Trump and his bizarro Von Trapp family, who can’t sing and never intuited the Nazis were the baddies, tried several times to declare victory on their own and bypass state agencies who’d yet to finish their counts. In the small hours Wednesday, Trump proclaimed an inherent right to Electoral College votes like some strange tsarist delusion. This left little doubt, if any existed at this point, that he harbored some secret hope of just seizing the capitol, with missiles and tanks if he could muster them.

Some votes, he told a crowd of supporters and as-of-yet unindicted or previously pardoned advisors, should not be counted. Others, he suggested, may have been flung into an unspecified body of water. His efforts to manipulate the outcome, or at least history’s perception of it, involve a sideshow coterie of cranks, yes-men, and a handful of remaining congressional allies (Senators Ted Cruz and Lindsey Graham, namely). The nightmare scenario is not political violence, but a Supreme Court somehow responsive to his desperate fantasy of transforming the country into the banana republic it’s already pretending to be.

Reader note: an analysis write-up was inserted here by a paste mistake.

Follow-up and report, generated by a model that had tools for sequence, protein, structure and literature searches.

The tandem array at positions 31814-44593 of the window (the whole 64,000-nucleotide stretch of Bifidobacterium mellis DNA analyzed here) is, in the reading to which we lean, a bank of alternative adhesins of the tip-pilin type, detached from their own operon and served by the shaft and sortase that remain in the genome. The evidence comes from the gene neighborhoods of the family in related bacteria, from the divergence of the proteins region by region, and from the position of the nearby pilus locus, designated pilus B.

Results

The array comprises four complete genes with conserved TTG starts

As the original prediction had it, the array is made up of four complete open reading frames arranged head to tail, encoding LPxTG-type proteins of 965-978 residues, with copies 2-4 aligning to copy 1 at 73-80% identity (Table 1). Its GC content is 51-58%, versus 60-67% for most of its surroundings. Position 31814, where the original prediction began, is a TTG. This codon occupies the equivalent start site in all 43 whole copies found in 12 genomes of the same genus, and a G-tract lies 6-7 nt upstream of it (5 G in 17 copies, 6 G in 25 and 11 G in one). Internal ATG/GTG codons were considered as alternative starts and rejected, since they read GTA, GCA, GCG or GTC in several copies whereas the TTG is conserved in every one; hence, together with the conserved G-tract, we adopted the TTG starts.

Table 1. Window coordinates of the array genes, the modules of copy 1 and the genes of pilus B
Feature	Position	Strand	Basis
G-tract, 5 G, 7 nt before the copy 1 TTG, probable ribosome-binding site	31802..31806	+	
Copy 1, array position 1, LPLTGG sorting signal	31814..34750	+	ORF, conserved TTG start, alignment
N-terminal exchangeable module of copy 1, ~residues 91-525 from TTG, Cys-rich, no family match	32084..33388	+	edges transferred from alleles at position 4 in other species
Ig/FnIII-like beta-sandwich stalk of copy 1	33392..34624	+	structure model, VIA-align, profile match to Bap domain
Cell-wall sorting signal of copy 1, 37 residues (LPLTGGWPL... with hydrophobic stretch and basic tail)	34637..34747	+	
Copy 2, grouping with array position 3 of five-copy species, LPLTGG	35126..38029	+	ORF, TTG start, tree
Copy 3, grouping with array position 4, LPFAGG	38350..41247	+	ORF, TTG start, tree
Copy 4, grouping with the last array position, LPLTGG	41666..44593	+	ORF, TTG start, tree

The stochastic spree-killer president, before learning what the bad end of a home eviction feels like, will have three whole months of being a lame-duck to inflict as much revenge as he can. He will undoubtedly continue squandering our final opportunities to offset catastrophic global heating and further damage our public institutions, possibly beyond our ability to repair them. He will inflame the reactionary right to become even more fervently and nakedly fascistic. He will blithely ignore the incoming wave of evictions that will devastate some 8 million individuals and families, some of whom will find themselves homeless this winter. He will let more Americans die.

Trump’s loudest sycophantic defenders have argued that he deserves, of all things, a Nobel Peace Prize, listing strides toward “peace” in the Middle East as a singular achievement of this president. The Pope, meanwhile, warned of “the danger of inequitable solutions” in Trump’s inequitable plan being a “prelude to new crises” between Israel and the Palestinians he blithely ignored. This amid agreements with Arab countries — some pushed to purchase expensive American war weapons — that, as former UN secretary-general Ban Ki-moon described them, would upend the “pillars of the process of peace.”